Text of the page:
Capitol Media Services
Coconino County Superior Court Judge J. Michael Flournoy is
trying to retire early even as he seeks to retain his seat on
Flournoy filed a request for disability retirement on May
20. That is two days after the Commission on Judicial Conduct
recommended that the judge be suspended, without pay, for 18
That same recommendation, if accepted by the Arizona
Supreme Court, does not guarantee Flournoy ever will be able
to sit as a judge again. The commission states the judge must
first show he has successfully completed both a "substantial
counseling program" and another program on "judicial conduct
The Elected Officials Retirement Plan furnished the judge's
request to Capitol Media Services under the state's Public
Records Law -- but not before blacking out some information
considered personal, including the nature and cause of the
But Flournoy reportedly has told friends he is losing his
vision, and that possible diagnosis is backed by the fact that
the two doctors Flournoy lists on his retirement request both
Flournoy twice declined to discuss the request, including
why he sought early retirement only in May although he states
on the application his disability was diagnosed three years
Technically, the judge's request has no bearing on his
fight to keep from being suspended officially by the state
Supreme Court. Under state law, he has been automatically
suspended since May based on the commission's recommendation,
but that action has yet to be ratified by the high court.
Flagstaff attorney Bob Van Wyck has been appointed as a judge
pro tem to handle Flournoy's caseload in the interim.
But the disability request definitely would affect how much
he receives in retirement benefits if he decides to
permanently leave the bench.
Elected officials accumulate pensions at the rate of 4
percent a year, up to a maximum of 80 percent of the average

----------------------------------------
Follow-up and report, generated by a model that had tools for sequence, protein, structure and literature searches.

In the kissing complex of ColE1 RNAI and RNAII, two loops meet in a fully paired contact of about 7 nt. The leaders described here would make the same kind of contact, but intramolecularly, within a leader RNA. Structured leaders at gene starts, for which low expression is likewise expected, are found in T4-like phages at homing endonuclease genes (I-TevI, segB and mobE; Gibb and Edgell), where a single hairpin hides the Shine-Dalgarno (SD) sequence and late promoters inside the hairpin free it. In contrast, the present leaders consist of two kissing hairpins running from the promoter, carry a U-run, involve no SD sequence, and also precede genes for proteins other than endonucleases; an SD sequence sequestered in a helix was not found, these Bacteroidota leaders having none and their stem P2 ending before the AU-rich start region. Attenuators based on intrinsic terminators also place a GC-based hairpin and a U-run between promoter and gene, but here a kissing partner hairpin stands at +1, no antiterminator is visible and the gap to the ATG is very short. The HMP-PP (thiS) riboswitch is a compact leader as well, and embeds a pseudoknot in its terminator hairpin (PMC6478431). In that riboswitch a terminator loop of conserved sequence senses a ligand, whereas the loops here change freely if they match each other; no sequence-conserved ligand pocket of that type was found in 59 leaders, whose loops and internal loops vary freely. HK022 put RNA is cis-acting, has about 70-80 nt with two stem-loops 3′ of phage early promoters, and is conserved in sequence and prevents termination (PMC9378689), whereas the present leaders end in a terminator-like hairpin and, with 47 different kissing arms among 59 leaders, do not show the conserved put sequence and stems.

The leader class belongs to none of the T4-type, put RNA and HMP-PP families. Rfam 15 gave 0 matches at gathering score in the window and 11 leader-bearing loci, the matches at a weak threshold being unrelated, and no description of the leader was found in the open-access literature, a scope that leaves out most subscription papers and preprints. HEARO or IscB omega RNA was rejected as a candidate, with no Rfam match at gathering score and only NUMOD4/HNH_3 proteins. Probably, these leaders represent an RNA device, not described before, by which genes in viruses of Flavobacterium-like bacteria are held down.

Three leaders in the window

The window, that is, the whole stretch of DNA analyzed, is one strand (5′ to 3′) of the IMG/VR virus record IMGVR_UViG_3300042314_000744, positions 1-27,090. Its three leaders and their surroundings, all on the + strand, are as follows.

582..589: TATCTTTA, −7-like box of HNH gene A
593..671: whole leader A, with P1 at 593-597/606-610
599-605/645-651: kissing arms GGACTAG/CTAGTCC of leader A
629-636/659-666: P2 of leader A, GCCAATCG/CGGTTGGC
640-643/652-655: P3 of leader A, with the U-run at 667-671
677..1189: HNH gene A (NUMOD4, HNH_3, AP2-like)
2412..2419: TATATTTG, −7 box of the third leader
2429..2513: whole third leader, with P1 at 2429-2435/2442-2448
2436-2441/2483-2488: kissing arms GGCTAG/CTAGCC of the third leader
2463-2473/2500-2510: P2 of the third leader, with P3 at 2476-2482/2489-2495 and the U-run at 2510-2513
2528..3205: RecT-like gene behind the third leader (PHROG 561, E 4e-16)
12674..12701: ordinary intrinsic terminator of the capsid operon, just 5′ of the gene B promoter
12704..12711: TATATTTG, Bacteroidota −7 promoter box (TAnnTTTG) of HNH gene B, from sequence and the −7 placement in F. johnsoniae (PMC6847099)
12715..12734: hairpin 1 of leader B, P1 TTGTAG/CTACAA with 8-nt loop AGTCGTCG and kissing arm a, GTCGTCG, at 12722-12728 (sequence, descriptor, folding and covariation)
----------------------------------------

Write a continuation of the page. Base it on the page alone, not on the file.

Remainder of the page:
of what they were making for the highest three years.
Flournoy, who took the bench in January 1992 would qualify for
28 percent of about $113,000.
But the law also specifies that retirement before age 65
carries a penalty. Flournoy, at age 62, would lose 9 percent,
bringing his pension down to 21 percent, or about $24,000
By contrast, if Flournoy is granted disability retirement
the penalty does not apply. Potentially more significant, he
is presumed to have served for 10 years, pushing his pension
up to more than $45,000.
Both figures would change if Flournoy exercises an option
to "buy back" eight years of government service he had when he
was Coconino County Attorney.
Michael Ong, deputy director of the retirement plan, said
the decision of whether to grant Flournoy's request will be
based on examinations by three doctors and their conclusion of
whether his medical condition leaves him unable to perform his
duties as a judge.
If the request is granted, that doesn't necessarily end
Flournoy's ability to work. Ong said it is conceivable that he
could still work as an attorney even if the doctors say he can
no longer sit on the bench for medical reasons.
Last week the judge's attorney told the justices of the
Arizona Supreme Court they should ignore the commission's
recommendations. He defended Flournoy against all the charges.
The justices have not said when they will issue a ruling.